Sunday, March 14, 2010


This has been a very healthy winter for me. Until yesterday when I woke up with a headache and fever. I'm one of those people who feeds a cold and feeds a fever. I never starve anything. I wasn't sick enough to lay around in bed, well- I did do my fair share of that. Anyway, while huddled under the electric blanket I perused one of my cooking files for something that sounded tasty, but didn't take much effort to make. My victims- 2 chicken breast halves. I didn't want soup and decided on a recipe from an old issue of Cooking Light called Ivory Coast Chicken.

I pride myself on knowing geography (for years I carried a miniature world map in my purse so I could keep abreast of current events) but for the life of me I couldn't remember where the Ivory Coast was. So I did some research. If you're interested, Cote d'Ivoire is on the south coast of the western bulge of Africa nestled between Ghana and Liberia. And it's the world's leading producer of cocoa (yum). It's inhabited by the Baoule people who cook Kedjenou, the authentic name for Ivory Coast Chicken. A few more facts...Kedjenou means "to shake", because during the cooking process you're supposed to shake your clay pot every ten minutes or so, to prevent the chicken from sticking to the bottom. Well, there's no shaking of the pot in my version, but after reading numerous recipes for this dish, I discovered there are quite a few variations that incorporate eggplant, okra and peanuts. I had none of those ingredients anyway and proceeded along the standard route ala Cooking Light, although I added my own twist and I changed the proportions since I was using 2 pieces of chicken, not eight.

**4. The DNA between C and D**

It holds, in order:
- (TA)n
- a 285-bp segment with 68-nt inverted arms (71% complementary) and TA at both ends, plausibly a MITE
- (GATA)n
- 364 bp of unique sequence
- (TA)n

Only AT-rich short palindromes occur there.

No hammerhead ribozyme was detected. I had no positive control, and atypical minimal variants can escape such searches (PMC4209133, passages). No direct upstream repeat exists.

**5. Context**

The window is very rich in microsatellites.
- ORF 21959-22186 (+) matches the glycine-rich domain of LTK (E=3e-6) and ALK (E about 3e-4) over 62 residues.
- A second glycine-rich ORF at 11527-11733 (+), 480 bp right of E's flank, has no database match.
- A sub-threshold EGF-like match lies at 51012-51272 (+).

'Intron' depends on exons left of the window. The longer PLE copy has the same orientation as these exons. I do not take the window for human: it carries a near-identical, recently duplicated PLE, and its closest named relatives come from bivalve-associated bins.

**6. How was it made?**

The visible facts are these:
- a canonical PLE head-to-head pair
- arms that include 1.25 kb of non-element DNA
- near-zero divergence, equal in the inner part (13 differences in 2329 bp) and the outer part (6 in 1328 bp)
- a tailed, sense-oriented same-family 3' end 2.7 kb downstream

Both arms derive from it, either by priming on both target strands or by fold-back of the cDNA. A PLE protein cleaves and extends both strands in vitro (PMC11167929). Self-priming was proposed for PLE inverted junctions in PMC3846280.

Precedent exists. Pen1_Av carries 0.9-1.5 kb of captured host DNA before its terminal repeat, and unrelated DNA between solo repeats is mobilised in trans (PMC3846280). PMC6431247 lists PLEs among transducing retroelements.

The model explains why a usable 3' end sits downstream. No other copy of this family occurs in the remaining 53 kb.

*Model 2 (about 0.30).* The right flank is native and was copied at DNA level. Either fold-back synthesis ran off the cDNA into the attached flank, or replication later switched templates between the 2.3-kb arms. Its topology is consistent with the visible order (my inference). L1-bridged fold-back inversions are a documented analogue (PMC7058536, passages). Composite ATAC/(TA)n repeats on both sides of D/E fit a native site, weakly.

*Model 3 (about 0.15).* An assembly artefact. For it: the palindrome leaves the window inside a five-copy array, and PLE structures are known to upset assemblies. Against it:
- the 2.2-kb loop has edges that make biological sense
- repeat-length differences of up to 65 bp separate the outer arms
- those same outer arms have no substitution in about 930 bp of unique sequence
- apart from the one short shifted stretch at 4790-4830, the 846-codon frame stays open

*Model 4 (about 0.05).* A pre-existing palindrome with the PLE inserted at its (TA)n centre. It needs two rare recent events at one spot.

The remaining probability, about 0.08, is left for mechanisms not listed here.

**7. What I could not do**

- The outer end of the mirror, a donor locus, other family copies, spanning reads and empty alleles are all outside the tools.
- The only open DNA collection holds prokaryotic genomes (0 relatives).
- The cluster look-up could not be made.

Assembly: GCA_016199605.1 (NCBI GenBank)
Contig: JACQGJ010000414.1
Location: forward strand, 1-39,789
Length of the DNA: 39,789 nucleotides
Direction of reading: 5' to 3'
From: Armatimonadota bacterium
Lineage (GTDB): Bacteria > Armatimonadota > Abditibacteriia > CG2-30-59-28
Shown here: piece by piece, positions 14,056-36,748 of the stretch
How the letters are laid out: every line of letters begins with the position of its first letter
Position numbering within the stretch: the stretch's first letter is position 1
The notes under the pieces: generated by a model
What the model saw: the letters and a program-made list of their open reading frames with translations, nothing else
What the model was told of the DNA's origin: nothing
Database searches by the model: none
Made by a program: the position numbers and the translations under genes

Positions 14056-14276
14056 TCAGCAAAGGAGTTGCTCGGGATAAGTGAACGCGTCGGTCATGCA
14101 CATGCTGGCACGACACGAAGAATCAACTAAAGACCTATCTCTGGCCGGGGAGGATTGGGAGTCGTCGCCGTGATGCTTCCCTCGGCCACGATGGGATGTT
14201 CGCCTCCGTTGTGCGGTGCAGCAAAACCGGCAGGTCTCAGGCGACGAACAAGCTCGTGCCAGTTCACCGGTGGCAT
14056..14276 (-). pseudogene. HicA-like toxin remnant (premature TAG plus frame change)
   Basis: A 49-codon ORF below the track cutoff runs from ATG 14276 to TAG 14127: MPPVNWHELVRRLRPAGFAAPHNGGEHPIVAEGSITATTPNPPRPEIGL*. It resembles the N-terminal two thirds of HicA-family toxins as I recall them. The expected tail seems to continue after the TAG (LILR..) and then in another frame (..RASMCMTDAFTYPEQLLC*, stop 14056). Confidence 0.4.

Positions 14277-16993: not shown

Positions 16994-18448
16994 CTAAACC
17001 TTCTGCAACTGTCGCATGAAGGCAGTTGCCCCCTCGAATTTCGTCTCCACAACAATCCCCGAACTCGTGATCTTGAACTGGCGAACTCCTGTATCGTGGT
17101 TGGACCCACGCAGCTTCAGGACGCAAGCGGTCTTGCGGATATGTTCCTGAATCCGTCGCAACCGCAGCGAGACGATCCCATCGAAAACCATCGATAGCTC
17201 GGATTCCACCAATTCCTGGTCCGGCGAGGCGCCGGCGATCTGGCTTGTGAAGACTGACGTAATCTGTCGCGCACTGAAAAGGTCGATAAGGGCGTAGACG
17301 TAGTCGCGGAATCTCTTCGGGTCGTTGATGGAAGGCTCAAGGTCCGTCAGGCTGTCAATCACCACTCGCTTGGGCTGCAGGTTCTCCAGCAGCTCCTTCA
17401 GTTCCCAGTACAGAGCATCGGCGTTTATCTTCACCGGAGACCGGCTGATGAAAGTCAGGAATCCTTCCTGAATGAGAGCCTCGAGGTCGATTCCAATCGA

adapted from Cooking Light

2 chicken breast halves, skinned
1 cup onion diced
1 cup green pepper diced (my addition)
1 14.5 oz can diced tomatoes
1 14.5 oz can water
2 inches of fresh ginger grated
1 hot pepper chopped (I used 2 Serrano chiles and didn't take the seeds out. It was ideal for me, but most people I know would probably be happy with just one pepper)
3 1/2 tsp garlic chopped (about 3 large cloves)
1 bay leaf
1/2 tsp salt
black pepper

Combine all ingredient in a large pot. Cover and bring to a simmer. Reduce heat and cook one hour until chicken is done. Discard the bay leaf and serve. This dish is traditionally served with white rice, but when mine was done I shredded the chicken and added 3 cups of cooked whole wheat orzo directly to the pot.

The orzo soaked up the flavorful broth and it was comfort food at its best. I will most definately make Kedjenou again. When I was reheating it today for lunch I added a handful of raisins and they were a welcome addition. Next time I'll add them at the start, along with a small amount of white wine.

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